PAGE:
City’s public budget session sparsely attended

If online comments were a measuring stick for how much Yukoners cared about a topic, you would have expected the latest Whitehorse City Council meeting to feature at least a few angry locals.

If online comments were a measuring stick for how much Yukoners cared about a topic, you would have expected the latest Whitehorse City Council meeting to feature at least a few angry locals.

Monday night’s meeting included a public input hearing on the city’s 2017 capital budget, which is slated to spend $39 million on a new operations building.

While internet commenters have been quick to make a fuss about spending that kind of money on a new building, no one showed up in person Monday to complain.

Council only heard from three delegates, a former city councillor who spoke in favour of the new operations building and two representatives from the Downtown Residents’ Association who barely mentioned the new building at all.

Former councillor Mike Gladish said he thinks plans for the new operations building should go ahead.

Gladish was on council in 2014 when preliminary plans to build the new building were first approved. He decided not to run for re-election in 2015.

“The new operations building should be built now so that we don’t continue to saddle future councils and administrations with the inevitable need to replace outdated infrastructure,” he said.

“It’s not being built to glorify the current administration or city council. They’ve come to the understanding, through many discussions, that the time is right.”

The bulk of the $45 million being spent to build the new operations building is part of the 2017 capital budget. The city will have to borrow about $18.8 million from the bank in order to get it built, according to a financial report presented earlier this month.

“Yes, the city is borrowing money to finance the building,” Gladish said.

“It has been shown by very competent accounting people that this loan can be paid back without raising property taxes.”

Gladish said borrowing money now, and paying it back over time, makes more sense to him than spending money to repair the current municipal services building and then having to replace it down the road.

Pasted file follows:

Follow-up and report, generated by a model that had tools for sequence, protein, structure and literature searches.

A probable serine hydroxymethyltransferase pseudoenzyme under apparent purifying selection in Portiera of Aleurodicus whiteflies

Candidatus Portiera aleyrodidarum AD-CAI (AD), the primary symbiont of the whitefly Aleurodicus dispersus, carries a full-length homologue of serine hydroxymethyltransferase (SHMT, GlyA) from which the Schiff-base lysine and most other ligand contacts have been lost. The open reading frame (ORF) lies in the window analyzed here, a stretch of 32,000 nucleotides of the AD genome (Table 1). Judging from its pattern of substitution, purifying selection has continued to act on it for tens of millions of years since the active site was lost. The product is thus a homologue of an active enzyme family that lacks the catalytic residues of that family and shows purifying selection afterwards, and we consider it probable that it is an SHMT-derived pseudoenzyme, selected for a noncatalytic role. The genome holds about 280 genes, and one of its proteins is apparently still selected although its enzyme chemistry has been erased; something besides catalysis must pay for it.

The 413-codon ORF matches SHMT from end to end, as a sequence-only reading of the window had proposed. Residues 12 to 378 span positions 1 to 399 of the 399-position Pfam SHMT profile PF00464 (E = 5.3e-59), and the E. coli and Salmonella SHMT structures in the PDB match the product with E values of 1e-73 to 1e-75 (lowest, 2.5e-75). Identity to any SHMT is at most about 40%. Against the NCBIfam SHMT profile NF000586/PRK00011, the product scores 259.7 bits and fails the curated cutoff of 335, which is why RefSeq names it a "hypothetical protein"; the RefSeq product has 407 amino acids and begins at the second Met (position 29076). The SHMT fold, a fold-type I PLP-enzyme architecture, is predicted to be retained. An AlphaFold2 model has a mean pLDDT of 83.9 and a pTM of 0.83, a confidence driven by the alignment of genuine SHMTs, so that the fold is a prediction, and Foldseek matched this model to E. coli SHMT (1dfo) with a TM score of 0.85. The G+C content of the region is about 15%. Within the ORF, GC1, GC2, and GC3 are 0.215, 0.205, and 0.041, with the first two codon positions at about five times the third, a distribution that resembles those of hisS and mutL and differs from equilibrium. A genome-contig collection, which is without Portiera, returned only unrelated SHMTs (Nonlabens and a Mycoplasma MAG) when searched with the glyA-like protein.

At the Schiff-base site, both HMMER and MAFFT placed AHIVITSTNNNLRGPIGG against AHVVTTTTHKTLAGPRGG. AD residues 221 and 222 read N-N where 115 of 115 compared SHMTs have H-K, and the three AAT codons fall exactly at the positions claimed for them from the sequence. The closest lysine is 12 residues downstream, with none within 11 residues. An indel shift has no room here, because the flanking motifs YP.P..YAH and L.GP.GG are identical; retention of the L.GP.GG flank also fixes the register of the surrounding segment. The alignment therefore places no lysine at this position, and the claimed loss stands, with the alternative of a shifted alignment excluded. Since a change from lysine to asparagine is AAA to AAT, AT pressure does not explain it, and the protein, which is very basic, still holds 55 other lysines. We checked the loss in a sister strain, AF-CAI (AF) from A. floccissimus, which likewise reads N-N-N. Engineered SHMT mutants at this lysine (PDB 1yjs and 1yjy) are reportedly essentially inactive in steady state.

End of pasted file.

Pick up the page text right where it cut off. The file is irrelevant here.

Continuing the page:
The rest of the short public hearing was taken up by representatives of the Downtown Residents’ Association.

The only time Nathan Millar and Jeanine O’Connell mentioned the new operations building was to ask if any decisions had been made regarding what would happen to the old municipal services building on Fourth Avenue that is going to be replaced.

Coun. Rob Fendrick asked whether the association had any ideas of what it would like to see done with the land. Millar said that hasn’t been discussed with the association’s membership.

Mostly the pair talked about other items in the budget related to downtown.

They said plans to reconstruct part of Sixth Avenue in 2017, subject to external funding, are important for safety reasons.

They said work on Wheeler Street will also be important and wondered why work on Alexander Street is only scheduled to happen between Fourth and Sixth Avenues.

Millar and O’Connell also wondered aloud about what happened to plans to reconstruct the playground at the corner of Sixth Avenue and Jeckell Street.

In 2014 the city gathered public comments on plans for a new playground. About 100 people attended a barbecue to comment on two draft proposals, O’Connell said.

“The community had been engaged, were very interested in the project, and we’re here to stimulate the follow-up to that,” Millar said.

Mayor Dan Curtis said city staff would get back to the association with answers.

City council will vote whether to approve the capital budget on Dec. 12. Public input on the budget can also be sent via email to City staff will be putting together a report on all the public input for next Monday’s council meeting.

Contact Ashley Joannou at

Get local stories you won't find anywhere else right to your inbox.
Sign up here

Just Posted

Raises approved for City of Whitehorse management

Deal will begin with 2.6 per cent increase retroactive to 2019

What to expect: Yukon legislature resumes Oct. 1

In March the legislative assembly quickly passed the budget before ending early


Wyatt’s World for Sept. 30, 2020

Yukon artist’s work featured in national exhibit

Nicole Favron named as Yukon winner for 2020 BMO Art! competition

Higher camping fees, new campground, reconciliation efforts feature in Yukon parks 10-year strategy

Creating a new campground within two hours of Whitehorse, introducing higher camping… Continue reading

CPAWS Yukon, Yukon Conservation Society encouraged by territory’s parks strategy

The conservation manager for CPAWS Yukon and executive director of the Yukon… Continue reading

School council elections taking place the first week of October

There are 30 contested spots on school councils in the territory

Hot Hounds bikejor race serves as lone summer competition

Held in Mount Lorne, the race was organized by the Dog Powered Sports Association of the Yukon

Whitehorse operations building officially open

Staff are taking phased approach to moving in

North of Ordinary Experience Centre shutting down

COVID-19 has caused bookings for the space to become almost non-existent, owner says

Canada Games Centre could get new playground

Council to vote on contract award

City hall, briefly

A look at decisions made by Whitehorse city council this week

Harescramble brings out motorcycle community

This year’s event included 67 riders

Most Read